¶10 In response to Chubb's motion for summary judgment, United argues its "bad faith claim is governed by the discovery rule . . . and contends its cause of action accrued in August 2009, when it was provided documents proving that Chubb had provided false estimates." It also argues that "the assignment of a bad faith claim by Madison is valid and effective" and is therefore not precluded by Oklahoma law.
¶11 The trial court granted Chubb's motion for summary judgment finding as follows:
A claim that an insurer did not negotiate with its insured in good faith and fair dealing is a tort under Oklahoma law, the tort of bad faith. A bad faith tort claim cannot be assigned under Oklahoma law.
Secondly, the statute of limitations on [United's] cause of action of bad faith has run; therefore, [United's] cause of action is barred by the statute of limitations. The two-year statute of limitations had expired no later than March 17, 2009. [United] filed its claim on April 1, 2011.
¶12 After the trial court's ruling on Chubb's motion for summary judgment, Agency and Miller filed a motion for summary judgment arguing judgment should be entered in their favor because:
(1) this court has already determined that [United's] bad faith claim against Chubb is time barred as a matter of law, (2) this court further determined [United's] bad faith claim against Chubb is invalid because the tort of bad faith cannot be assigned under the facts of this case, (3) [United] cannot assert a valid claim against the agency for "bad faith," . . . given that the tort of bad faith is reserved for disputes between the insured and the insurer, and (4) [United's] tortious interference with a contract claim against [Agency and Miller] is also time barred as a matter of law.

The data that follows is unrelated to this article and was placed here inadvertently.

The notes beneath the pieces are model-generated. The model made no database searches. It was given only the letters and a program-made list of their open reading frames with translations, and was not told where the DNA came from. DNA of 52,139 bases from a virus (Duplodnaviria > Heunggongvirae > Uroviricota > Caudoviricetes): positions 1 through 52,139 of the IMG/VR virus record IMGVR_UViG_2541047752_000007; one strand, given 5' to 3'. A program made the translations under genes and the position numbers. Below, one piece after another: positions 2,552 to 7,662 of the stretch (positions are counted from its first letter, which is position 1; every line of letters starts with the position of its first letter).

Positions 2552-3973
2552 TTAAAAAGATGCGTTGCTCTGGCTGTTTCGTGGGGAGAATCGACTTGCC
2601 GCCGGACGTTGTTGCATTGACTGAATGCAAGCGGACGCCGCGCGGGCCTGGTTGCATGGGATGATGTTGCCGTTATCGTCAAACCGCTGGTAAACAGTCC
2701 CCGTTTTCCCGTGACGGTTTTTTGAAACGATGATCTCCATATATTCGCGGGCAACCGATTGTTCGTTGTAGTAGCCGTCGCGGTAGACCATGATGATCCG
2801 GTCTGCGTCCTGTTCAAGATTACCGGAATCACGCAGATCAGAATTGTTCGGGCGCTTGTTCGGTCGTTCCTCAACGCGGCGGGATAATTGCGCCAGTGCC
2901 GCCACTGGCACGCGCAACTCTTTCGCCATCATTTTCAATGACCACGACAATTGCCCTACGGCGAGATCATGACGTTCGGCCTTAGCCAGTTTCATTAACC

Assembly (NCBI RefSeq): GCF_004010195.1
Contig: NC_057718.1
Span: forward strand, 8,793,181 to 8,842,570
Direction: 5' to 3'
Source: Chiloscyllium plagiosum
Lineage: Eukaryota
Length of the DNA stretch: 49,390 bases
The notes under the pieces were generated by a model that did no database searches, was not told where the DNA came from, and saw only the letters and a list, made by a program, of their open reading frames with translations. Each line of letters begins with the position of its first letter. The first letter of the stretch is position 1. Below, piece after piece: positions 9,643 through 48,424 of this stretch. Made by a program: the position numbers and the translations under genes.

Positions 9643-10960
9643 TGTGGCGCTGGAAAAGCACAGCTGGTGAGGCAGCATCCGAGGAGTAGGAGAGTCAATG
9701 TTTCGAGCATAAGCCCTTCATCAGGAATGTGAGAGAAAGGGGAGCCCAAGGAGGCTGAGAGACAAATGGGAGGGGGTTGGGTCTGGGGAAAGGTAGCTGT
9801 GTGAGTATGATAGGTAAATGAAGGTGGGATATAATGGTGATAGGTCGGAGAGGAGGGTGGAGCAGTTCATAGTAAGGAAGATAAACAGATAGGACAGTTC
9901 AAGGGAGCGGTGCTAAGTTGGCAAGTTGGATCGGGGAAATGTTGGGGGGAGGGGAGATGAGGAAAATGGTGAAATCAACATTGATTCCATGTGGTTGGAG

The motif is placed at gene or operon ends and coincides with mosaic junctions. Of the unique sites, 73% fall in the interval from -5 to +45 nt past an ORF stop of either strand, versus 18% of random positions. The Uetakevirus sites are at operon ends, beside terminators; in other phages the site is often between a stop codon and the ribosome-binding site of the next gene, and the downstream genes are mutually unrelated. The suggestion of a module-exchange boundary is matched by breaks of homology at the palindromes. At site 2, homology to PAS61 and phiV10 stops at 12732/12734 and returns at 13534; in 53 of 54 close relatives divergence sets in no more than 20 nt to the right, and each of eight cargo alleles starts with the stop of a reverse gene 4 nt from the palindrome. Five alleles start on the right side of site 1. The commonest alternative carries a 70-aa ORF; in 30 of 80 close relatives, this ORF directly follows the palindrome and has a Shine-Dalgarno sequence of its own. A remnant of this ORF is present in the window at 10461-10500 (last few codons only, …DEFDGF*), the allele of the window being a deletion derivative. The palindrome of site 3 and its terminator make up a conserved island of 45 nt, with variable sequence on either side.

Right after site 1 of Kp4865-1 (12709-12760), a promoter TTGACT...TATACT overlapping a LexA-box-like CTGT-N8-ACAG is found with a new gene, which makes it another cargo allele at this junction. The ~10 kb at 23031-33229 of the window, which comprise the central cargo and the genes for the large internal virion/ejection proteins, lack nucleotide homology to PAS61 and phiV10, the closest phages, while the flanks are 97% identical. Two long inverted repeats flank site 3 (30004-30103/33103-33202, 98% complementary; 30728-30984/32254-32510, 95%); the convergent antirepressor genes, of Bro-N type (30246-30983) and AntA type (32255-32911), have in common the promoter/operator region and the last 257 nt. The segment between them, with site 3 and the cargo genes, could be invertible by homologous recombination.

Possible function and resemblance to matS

¶13 As to the statute of limitations and bad faith claim arguments, United's response was identical to its response to Chubb's motion for summary judgment. United additionally argued its interference with contract claims are not time-barred.
¶14 The trial court granted in part and denied in part Agency's and Miller's motion for summary judgment. The trial court adopted "its prior ruling concerning the assignment of a bad faith tort claim and the running of the statute of limitations on said claim as found in the Order filed on December 13, 2011." It further found that "[a]s to the tort of bad faith, [United] cannot assert this against [Agency and Miller] as they were not parties to the insurance contract." The trial court further found that as to United's "attempt to characterize the bad faith claim as fraud, the same statute of limitations ruling would apply" as stated in the December 2011 order. As to the tortious interference claim, the trial court stated it could not rule on this issue because it was lacking factual information as to when the tortious interference occurred. Thus, it denied Agency's and Miller's motion for summary judgment on this issue.
¶15 Pursuant to 12 O.S.2011 § 994(A), the trial court subsequently entered an order determining there was no just reason for delay and that the orders of December 13, 2011, and January 3, 2012, should be appealable as final orders.